And in the intermediate term, those shoppers will have an extraordinary amount of money to burn. We are just months into China’s post-pandemic re-opening, but early reports suggest that the country is experiencing a wave of revenge spending similar to that of Americans and Europeans a year ago. During years of lockdown, Chinese consumers saved $2.6 trillion that they might have otherwise spent on going out, traveling, or shopping. It is not unreasonable to expect that a significant share of those renmenbi will now be used to splurge on things that are shiny, pretty, or decadent. Even before the pandemic, China was forecast to overtake the United States as a luxury market by 2025. For the reasons outlined here, this forecast still holds water.
Experts caution that “there will never be another China” to drive luxury growth as it has done—witness the 2010-2014 period when increased demand from China drove the market up 49% (or an annualized ~8.3%). But the luxury market’s prospects do not rest on China alone. The U.S. will remain one of the most important markets for luxury goods for years to come, with its millionaire count projected to rise 13% to 27.7 million by 2026.
Around the world, the number of people who can afford—and will surely want—nice things is also set to grow sharply. Globally, the number of millionaires is projected to increase to as much as 87.5 million in 2026, up 40% from an estimated 62.5 million today. We can expect strong growth in countries not associated with high concentrations of wealth, such as India, Mexico, and Brazil. Growth is also expected in parts of Southeast Asia.
Policy-minded readers will observe that much of this growth comes from countries with high levels of wealth inequality. Indeed, wealth inequality is seen by some as a worsening and worrying problem even in China and the U.S. Interestingly, this helps the luxury sector. Several studies suggest that higher levels of wealth inequality correlate strongly with increased demand for luxury goods—across all wealth demographics.
The sector’s prospects do not just rely on a growing wealth demographic. The rise of Millennials, which has a core theme in our Granny Shots list, along with the coming rise of Generation Z, also bode well for these companies.
Demand for luxury goods is growing among younger generations. Part of that is due to their rising incomes as they get older, but there is a beneficial shift in generational attitudes, as well. People are starting to enter the luxury market at younger ages, despite still being in the earlier stages of their lives and careers. A study by Bain & Company found that Millennials started buying luxury items as early as age 18-20. Generation Z consumers are starting even earlier, at an average age of 15. The two generations, which now account for roughly half of the market as calculated by number of current customers, entered the luxury market earlier than Gen X and Boomers. The generation after that (Generation Alpha) is expected to continue the trend.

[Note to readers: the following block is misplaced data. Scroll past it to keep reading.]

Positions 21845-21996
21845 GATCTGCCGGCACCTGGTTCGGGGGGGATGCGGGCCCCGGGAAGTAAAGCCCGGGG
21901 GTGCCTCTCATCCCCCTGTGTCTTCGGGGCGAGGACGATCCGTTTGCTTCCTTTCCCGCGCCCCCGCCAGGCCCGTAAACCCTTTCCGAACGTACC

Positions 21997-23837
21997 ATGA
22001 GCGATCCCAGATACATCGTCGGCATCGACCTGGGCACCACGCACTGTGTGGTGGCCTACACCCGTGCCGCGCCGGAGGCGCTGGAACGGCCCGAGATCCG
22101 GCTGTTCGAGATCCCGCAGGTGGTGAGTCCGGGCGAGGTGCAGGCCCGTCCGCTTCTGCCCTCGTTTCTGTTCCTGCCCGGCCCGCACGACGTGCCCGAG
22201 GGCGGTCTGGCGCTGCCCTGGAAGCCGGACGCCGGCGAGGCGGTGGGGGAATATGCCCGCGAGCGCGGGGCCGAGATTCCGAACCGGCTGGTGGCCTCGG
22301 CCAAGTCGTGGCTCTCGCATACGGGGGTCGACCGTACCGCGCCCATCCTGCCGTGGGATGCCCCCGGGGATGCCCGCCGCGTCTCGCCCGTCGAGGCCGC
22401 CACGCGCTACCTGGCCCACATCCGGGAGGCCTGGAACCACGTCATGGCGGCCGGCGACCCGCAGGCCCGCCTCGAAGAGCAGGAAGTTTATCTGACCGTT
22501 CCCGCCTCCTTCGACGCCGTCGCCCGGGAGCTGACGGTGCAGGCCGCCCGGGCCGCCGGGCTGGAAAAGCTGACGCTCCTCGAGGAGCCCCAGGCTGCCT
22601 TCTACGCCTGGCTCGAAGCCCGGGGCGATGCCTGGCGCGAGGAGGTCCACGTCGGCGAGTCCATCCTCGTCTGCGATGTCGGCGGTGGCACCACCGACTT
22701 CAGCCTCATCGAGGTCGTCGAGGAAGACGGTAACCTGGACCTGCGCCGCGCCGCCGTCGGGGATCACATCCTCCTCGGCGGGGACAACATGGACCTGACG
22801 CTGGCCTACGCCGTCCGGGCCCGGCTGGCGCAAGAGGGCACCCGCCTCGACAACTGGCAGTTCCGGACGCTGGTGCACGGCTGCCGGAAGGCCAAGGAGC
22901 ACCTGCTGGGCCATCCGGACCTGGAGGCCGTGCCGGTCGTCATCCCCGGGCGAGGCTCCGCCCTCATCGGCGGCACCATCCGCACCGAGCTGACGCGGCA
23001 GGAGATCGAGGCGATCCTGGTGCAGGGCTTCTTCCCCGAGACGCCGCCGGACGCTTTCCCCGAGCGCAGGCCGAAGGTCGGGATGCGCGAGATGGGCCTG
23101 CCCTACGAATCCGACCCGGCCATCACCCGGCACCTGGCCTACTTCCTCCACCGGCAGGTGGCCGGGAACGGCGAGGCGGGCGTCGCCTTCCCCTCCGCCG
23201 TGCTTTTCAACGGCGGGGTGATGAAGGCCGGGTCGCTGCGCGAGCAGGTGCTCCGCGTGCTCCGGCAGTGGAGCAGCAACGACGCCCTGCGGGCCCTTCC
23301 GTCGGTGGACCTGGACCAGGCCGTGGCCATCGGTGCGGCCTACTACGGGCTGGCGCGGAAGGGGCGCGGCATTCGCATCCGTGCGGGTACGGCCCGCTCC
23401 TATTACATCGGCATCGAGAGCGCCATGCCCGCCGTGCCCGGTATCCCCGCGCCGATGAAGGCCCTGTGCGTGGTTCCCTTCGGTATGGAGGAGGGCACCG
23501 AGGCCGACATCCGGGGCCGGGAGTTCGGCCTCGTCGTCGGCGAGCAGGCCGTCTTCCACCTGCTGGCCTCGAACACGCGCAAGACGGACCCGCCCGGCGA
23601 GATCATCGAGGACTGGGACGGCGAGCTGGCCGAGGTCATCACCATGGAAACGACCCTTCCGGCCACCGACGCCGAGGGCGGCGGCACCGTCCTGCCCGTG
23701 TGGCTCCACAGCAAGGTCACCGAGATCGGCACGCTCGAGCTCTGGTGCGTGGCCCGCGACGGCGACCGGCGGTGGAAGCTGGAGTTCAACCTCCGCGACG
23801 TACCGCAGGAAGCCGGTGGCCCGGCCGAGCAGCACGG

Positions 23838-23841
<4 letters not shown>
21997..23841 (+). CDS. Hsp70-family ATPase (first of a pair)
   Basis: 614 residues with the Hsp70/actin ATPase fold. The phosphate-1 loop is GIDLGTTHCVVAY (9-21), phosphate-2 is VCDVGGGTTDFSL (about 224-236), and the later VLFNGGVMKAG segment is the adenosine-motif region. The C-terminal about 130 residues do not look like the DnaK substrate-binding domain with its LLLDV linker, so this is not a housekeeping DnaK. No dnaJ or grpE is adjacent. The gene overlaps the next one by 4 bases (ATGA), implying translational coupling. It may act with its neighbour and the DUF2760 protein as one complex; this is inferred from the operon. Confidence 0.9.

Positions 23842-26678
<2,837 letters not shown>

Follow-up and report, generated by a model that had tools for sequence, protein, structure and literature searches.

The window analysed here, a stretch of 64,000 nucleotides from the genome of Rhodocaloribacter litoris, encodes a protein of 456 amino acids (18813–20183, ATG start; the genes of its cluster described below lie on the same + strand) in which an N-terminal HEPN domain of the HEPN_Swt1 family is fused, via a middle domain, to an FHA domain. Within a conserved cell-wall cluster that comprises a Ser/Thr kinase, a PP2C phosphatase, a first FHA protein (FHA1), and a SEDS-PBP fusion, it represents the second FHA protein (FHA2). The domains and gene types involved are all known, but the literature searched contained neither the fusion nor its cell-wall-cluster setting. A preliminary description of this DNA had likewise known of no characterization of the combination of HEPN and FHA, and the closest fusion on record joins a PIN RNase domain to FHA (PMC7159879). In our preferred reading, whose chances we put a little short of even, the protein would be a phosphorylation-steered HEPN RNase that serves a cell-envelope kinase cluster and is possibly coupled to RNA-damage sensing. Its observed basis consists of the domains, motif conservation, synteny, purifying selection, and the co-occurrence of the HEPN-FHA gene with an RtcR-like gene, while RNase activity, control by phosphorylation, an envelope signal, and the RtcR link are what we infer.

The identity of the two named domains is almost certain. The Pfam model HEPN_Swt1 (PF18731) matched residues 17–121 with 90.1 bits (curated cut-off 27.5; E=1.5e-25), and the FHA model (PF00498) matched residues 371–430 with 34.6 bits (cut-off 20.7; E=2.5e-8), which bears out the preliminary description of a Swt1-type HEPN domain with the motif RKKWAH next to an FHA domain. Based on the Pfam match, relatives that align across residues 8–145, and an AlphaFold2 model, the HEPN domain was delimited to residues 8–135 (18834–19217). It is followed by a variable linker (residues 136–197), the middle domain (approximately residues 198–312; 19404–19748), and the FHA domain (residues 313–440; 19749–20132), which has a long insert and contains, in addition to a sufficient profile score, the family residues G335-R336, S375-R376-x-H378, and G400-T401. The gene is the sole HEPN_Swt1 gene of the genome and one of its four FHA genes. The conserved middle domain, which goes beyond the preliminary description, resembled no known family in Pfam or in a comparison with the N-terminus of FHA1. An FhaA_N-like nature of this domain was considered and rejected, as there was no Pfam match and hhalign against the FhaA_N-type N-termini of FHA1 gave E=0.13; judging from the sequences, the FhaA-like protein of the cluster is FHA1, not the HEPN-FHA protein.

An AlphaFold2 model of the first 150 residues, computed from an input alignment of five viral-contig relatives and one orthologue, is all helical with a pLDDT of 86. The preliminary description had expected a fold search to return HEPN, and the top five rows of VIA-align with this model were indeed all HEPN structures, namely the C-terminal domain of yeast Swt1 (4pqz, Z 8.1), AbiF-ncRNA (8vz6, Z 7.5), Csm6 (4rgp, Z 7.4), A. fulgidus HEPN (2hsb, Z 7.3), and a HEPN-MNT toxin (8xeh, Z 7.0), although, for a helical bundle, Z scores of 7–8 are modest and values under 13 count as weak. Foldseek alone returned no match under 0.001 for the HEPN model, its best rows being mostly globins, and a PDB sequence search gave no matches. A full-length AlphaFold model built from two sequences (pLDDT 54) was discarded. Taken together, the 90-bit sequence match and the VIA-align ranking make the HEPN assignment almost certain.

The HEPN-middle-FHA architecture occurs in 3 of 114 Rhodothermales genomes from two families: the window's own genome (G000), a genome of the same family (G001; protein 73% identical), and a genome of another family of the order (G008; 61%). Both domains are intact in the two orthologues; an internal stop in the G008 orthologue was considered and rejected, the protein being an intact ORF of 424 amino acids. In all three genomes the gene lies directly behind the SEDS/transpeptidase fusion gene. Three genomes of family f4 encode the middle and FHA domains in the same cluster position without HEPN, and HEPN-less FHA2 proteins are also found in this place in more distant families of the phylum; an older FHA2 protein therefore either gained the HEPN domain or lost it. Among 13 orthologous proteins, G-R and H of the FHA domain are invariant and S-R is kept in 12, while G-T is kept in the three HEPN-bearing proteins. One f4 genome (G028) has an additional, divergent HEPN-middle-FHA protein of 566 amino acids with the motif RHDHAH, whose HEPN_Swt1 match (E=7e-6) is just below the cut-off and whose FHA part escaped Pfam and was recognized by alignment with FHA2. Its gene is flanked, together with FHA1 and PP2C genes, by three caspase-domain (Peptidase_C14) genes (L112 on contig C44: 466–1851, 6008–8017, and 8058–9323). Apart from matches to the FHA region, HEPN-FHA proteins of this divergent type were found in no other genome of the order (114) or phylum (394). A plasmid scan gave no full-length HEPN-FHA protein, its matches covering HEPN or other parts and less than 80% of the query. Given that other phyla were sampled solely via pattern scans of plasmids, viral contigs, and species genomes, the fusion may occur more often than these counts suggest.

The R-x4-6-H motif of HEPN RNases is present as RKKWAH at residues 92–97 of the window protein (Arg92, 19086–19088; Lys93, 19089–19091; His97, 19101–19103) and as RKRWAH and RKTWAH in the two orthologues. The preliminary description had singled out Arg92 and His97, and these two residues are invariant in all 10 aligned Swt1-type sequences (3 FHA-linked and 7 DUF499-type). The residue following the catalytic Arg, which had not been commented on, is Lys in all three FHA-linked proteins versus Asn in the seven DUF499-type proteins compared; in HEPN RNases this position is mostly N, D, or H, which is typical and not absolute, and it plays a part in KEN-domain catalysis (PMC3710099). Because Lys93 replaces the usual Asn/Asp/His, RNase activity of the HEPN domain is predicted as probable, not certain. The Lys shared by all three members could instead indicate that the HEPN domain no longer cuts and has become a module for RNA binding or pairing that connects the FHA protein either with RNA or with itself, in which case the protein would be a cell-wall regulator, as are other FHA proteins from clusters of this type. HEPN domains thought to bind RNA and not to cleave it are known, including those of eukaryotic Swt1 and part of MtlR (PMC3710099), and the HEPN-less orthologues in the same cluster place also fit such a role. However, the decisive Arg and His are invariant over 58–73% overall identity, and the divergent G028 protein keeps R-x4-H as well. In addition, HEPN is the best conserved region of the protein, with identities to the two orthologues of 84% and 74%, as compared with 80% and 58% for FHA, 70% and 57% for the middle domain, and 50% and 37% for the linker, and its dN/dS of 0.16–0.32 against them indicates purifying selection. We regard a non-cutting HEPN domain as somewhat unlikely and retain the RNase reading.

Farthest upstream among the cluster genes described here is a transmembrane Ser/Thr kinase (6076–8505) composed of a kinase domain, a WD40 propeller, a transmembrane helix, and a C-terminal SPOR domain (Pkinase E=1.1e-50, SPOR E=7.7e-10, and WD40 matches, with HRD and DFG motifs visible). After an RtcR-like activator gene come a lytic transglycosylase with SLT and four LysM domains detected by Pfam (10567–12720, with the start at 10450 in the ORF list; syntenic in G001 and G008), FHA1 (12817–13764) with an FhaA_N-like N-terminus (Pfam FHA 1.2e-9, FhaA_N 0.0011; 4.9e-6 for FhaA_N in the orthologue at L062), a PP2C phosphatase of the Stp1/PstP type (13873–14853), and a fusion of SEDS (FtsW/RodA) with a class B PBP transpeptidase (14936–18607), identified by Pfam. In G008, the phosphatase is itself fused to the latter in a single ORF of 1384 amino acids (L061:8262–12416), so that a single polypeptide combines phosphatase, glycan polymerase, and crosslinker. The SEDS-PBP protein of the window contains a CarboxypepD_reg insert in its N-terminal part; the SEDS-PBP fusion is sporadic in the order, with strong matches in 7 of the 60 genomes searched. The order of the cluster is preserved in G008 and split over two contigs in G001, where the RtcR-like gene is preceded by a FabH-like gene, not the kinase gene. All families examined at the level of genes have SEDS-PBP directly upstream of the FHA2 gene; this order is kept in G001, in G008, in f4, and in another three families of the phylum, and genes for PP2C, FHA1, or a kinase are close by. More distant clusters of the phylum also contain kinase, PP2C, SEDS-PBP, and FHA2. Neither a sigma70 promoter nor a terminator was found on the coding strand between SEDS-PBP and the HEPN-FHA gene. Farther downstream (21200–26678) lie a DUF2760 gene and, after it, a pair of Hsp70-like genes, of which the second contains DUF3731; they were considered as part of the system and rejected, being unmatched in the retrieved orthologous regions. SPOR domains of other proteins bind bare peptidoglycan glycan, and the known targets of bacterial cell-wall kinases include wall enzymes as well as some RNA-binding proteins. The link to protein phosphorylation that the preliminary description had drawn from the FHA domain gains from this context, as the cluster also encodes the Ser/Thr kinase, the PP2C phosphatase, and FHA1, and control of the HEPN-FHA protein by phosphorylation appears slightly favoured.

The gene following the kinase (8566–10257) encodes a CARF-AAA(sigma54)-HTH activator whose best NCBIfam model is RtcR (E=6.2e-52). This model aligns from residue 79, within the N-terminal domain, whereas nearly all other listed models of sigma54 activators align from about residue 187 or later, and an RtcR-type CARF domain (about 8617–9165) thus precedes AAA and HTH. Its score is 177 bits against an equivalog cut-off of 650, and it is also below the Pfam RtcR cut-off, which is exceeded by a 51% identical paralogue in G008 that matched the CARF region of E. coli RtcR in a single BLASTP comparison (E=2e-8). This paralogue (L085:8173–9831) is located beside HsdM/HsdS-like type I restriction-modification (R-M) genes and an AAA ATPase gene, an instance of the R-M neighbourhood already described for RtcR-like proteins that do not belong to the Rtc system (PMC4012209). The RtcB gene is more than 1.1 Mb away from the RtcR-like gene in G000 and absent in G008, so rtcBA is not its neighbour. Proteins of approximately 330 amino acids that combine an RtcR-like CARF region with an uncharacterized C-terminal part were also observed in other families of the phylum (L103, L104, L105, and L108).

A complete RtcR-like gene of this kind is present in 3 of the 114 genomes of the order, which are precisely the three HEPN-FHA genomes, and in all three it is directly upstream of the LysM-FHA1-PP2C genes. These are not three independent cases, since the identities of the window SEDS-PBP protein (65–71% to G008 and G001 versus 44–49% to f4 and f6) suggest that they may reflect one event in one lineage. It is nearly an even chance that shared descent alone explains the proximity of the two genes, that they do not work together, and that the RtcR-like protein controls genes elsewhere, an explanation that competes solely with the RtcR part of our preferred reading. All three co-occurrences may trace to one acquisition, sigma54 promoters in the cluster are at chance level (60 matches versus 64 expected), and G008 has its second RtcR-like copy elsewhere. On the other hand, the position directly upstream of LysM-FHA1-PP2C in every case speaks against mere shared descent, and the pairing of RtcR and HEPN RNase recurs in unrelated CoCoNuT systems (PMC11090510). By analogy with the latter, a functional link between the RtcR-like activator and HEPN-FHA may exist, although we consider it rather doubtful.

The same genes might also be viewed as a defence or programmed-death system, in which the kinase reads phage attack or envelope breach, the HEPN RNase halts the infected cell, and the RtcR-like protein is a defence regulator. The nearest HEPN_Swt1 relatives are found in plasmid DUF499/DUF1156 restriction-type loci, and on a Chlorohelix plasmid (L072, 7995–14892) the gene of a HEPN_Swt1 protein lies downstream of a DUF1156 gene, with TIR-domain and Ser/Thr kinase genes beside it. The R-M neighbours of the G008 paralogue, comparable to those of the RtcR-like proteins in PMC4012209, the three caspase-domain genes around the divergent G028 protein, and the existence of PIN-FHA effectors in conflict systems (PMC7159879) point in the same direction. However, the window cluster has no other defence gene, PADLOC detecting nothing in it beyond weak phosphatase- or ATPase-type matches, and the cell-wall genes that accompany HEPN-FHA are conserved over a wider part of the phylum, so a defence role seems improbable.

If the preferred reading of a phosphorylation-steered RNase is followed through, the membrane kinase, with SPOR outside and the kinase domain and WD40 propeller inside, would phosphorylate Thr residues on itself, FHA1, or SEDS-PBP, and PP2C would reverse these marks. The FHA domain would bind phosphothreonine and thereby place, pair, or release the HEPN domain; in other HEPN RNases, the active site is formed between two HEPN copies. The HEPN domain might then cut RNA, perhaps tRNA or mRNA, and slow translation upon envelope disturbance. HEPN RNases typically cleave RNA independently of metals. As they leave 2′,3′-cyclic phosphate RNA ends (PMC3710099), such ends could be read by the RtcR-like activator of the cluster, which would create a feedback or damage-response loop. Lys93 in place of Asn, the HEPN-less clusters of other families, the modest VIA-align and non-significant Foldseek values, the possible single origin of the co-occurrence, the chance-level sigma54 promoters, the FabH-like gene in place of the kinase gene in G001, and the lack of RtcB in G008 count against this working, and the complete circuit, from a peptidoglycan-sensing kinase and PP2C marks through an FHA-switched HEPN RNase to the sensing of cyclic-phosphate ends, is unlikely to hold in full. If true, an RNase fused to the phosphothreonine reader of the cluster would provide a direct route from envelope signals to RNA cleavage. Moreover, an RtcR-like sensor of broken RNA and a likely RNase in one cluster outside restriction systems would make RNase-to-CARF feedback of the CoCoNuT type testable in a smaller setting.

A Cautionary Note
Of course, demographics alone do not guarantee a luxury company’s success. While much of a luxury brand’s success rests on the quality of its products, the company’s intangible reputation for prestige, exclusivity, and desirability is essential as well. Witness what happened to Balenciaga, which in autumn 2022 was mired in a scandal from a marketing campaign that could most charitably be described as child exploitative—if not worse. In luxury, a reputational loss can indeed be quantified. Balenciaga’s corporate parent, Kering ($PPRUY), blamed part of the conglomerate’s 7% revenue decline in Q4 2022 on the ensuing scandal.
Even without scandal, the need to continuously create new things that appeal to the luxury demographic can present challenges to even the most established of names. Despite its storied history and association with glamorous celebrities like Beyoncé and Zendaya, Roberto Cavalli nearly went bankrupt in 2021.
Major companies in this segment to consider
LVMH-Moet Vuitton ($LVMHUY)
The largest company in Europe (in any sector), LVMH is a conglomerate owning a wide range of brands in industries such as alcoholic beverages (Château d’Yquem, Glenmorangie, Belvedere, Hennessy, etc.), fashion (Loro Piana, Christian Dior, etc.), fragrances and cosmetics (Guerlain, Acqua di Parma), watches and jewelry (Tiffany & Co, Hublot, etc.), and yachts (Royal Van Lent.) It also owns Belond, a luxury travel company, and several newspapers in Paris.
Richemont SA ($CFRUY)
Unsurprisingly for a Switzerland-based company, Richemont owns prestigious watch brands, among them A. Lange & Söhne, Jaeger LeCoultre, Roger Dubuis, and Vacheron Constantin. It also has exposure to luxury fashion through its dunhill and MR. PORTER units and luxury accessories through its ownership of Montblanc.
Kering is yet another Parisian company with a broad range of brands in fashion, accessories, leather goods, and other personal-luxury goods. Its brands include Gucci, Bottega Veneta, Brioni, and Balenciaga.
Ferrari NV ($RACE)
Perhaps one of the best-known manufacturers of high-end sports cars, Ferrari also operates theme parks in Abu Dhabi and Spain. In recent years it has ventured into branded apparel, though the company will likely be forever associated with its sleek, powerful automobiles. In recent years, these have included four hybrid models and an SUV. The company is actively developing an electric vehicle, currently slated for 2025 release.
Your feedback is welcome and appreciated. What do you want to see more of in this column? Let us know. We read everything our members send and make every effort to write back.